Three Electoral Reforms (Amendment) Bills that were completely rejected by governing Democratic Progressive Party (DPP) legislators and its allies in Parliament are dead and will need another whole process of reviving them, The Daily Times understands.
Some stakeholders, including opposition Malawi Congress Party, have been hoping that the bills might return to Parliament when the lawmakers meet again next month for the mid-year budget review session.
But we understand that it might be only the Electoral Commission (Amendment) Bill which may see the light of the day any time soon as it is now up to the Legal Affairs Committee of Parliament to present a report on the bill which may spur its return.
However, the Assumption of Office of the President (Transitional Arrangements), the Presidential, Parliamentary and Local Government Elections and the Constitutional Amendment bills are dead, unless someone revives them.
When we followed up with Minister of Justice and Constitutional Affairs, Samuel Tembenu, on what is left of the rejected bills, he stressed that, as far as the government is concerned, the bills are dead.
“They [the bills] are dead. It will be up to the [Malawi] Electoral Commission to revive them if they want since they are the client. Otherwise, on our part, the bills have been discarded,” he said.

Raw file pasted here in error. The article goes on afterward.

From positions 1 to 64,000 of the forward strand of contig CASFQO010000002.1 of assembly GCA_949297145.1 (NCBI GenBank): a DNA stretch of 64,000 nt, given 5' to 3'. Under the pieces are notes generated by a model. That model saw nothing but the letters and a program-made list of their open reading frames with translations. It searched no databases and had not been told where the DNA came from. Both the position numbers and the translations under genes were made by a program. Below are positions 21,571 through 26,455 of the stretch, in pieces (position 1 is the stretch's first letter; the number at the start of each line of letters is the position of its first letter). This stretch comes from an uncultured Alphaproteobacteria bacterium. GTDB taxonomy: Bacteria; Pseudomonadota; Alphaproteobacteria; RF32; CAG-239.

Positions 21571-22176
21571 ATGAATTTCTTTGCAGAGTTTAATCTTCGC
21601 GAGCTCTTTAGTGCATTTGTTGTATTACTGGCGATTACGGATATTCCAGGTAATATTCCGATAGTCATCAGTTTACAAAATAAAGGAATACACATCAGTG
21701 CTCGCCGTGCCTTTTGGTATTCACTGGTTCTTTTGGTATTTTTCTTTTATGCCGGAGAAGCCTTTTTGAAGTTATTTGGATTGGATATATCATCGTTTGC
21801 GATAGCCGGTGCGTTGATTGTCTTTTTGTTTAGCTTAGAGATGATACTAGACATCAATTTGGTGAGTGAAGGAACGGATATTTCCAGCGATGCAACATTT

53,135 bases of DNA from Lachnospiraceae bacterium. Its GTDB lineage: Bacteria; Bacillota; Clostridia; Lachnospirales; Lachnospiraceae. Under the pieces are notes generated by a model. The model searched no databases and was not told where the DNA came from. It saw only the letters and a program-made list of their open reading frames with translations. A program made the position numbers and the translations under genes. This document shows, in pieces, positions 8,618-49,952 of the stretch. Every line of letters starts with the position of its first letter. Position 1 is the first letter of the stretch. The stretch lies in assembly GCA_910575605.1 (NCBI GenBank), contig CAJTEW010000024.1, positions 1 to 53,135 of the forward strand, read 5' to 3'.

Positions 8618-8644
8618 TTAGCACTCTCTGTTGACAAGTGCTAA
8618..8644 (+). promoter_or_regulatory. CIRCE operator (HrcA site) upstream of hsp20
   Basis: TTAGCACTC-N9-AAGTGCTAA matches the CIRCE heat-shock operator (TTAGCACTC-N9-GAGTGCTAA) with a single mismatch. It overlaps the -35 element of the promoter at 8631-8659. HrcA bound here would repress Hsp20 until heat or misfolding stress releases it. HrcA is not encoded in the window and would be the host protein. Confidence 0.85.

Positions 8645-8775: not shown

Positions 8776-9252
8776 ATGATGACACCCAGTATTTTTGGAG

Chairperson of the Legal Affairs Committee, Maxwell Thyolera, also indicated that the committee has no say on the bills that were rejected before they reached Committee Stage after their tabling.
According to Thyolera, it is only the Electoral Commission (Amendment) Bill which his committee will scrutinise, and then present a report on the same to Parliament.
“We have written [Parliament] Secretariat on the same and we will be meeting soon to look into the bill. Our hope is that we can do that as soon as possible so that the report is ready for the coming mid-year budget review meeting,” Thyolera said.
Meanwhile, the Malawi Electoral Support Network (Mesn)—which co-chaired the National Taskforce on Electoral Reforms—has said it will seek advice from its partners on the way forward.
Mesn Chairperson, Steven Duwa, said in an interview yesterday that the network would be reconvening in the next few days to discuss and decide on the bills.
“We have partners like constitutional lawyers from whom we will seek advice on the bills which are now dead. We need to see how we go about it; how to resuscitate them if need be,” Duwa said.
The Presidential, Parliamentary and Local Government Elections and the Constitutional Amendment bills contained some seemingly contentious elements including the 50 percent +1 provision for all elected officials which aimed at replacing the current First-Past-the-Post.
The Assumption of Office of the President (Transitional Arrangements) Bill sought to extend to 15 days the period after which one can be sworn in as president after being declared winner in an election, among others.
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